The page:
“You are so smart but…” “You have so much potential, if only…” “you just need to work harder.” Are these words triggering for you? I will say they sure are for me. I totally lost my cool this week as I listened to my son get lectured on how he just needed to improve his “work ethic.”
Here’s the thing I wish I understood at his age. Sometimes the things that come really easy to the average person come really hard for us.
I remember as a kid being so proud and excited to get “citizen of the month” that one time when all my other friends got it every year. I remember almost being kicked out of the gifted program because I was not living up to my potential.
Did that make me work harder? Heck no, it made me resent the people for whom hard work seemed to come easy.
It wasn’t until much much later in life that I finally caught on that it wasn’t about “working harder” for me, but about understanding how I work. Coming up with tools and strategies to use my gifts and work with my weaknesses.
But this did not happen for me until after I dropped out of the college where I had made my closest friends and immediately regretted it. I tried to get tested for learning disabilities, but the according to the state criteria I did not meet their qualifications (despite the fact that there was a 40 point gap between my auditory processing and working memory weakness and my other areas of strength).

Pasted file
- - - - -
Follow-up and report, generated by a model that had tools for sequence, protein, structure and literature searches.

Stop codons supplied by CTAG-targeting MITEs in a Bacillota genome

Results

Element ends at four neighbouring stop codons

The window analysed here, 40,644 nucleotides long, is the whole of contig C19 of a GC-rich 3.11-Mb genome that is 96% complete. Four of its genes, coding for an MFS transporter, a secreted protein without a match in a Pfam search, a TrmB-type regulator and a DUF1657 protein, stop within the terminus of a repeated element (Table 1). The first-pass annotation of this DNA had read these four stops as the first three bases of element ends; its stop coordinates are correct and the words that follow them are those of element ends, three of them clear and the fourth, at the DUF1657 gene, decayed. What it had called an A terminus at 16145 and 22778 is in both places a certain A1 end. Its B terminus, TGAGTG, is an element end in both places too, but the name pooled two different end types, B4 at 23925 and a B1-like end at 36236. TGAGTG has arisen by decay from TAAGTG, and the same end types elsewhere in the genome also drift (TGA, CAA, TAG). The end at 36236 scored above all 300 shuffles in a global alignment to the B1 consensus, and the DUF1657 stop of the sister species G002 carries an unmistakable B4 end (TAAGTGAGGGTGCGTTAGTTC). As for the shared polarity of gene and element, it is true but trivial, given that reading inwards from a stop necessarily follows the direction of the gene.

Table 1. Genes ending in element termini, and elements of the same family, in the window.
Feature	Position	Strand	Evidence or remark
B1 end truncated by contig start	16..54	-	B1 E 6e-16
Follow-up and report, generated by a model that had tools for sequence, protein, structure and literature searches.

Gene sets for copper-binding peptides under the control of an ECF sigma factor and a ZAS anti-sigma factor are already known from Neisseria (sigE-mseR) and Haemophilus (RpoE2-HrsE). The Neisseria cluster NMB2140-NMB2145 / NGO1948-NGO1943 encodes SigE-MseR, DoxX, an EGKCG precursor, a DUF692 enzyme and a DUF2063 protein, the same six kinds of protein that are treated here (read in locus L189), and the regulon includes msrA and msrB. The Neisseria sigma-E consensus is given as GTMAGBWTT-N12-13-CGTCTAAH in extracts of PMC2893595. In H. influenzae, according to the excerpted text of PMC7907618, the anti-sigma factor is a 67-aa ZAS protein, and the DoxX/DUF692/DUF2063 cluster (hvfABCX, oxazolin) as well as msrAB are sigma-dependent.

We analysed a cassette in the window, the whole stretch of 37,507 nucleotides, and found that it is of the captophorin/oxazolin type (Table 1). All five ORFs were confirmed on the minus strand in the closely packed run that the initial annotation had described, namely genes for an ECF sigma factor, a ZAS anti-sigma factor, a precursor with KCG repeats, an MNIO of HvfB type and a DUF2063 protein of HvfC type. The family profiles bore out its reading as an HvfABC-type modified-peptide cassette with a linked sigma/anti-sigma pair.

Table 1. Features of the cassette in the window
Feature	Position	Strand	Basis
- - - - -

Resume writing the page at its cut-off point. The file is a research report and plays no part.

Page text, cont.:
Instead of being given tools then, I was asked why I even took the tests – I got into this liberal arts college, I must be doing OK. Obviously not since I dropped out the next year.
Something started to click in my last years of college and I started to learn tools. I got a job in the school system which provided structure and deadlines that kept me in check. I found a really awesome to-do list that helped me sort tasks in a way that wasn’t overwhelming. I wish I could recommend it, but it’s no longer being made – one of these days when I’m rich I’ll hire an app developer to create one similar combined with my research on executive functioning skills.
As I embark on this whole entrepreneur journey and move out of the safe structure of the school system, I am in the process of relearning and reexamining my own tools. As I try new things, some of which work and some of which don’t, I have to remind myself that my challenges are not about how hard I work – if anything I work too hard while I find the most effective use of my time.
This has been a good reminder to be kind to myself as I explore this process. It’s an ongoing journey and I’ve come a very long way. I’ve also been able to help others find their own strengths and be kind to themselves.
On this week’s Embracing Intensity Podcast, I dig a little deeper into the idea of “underachievement.”
I would love to hear from you, what strategies have helped you do the “hard stuff” that others seem to find easy?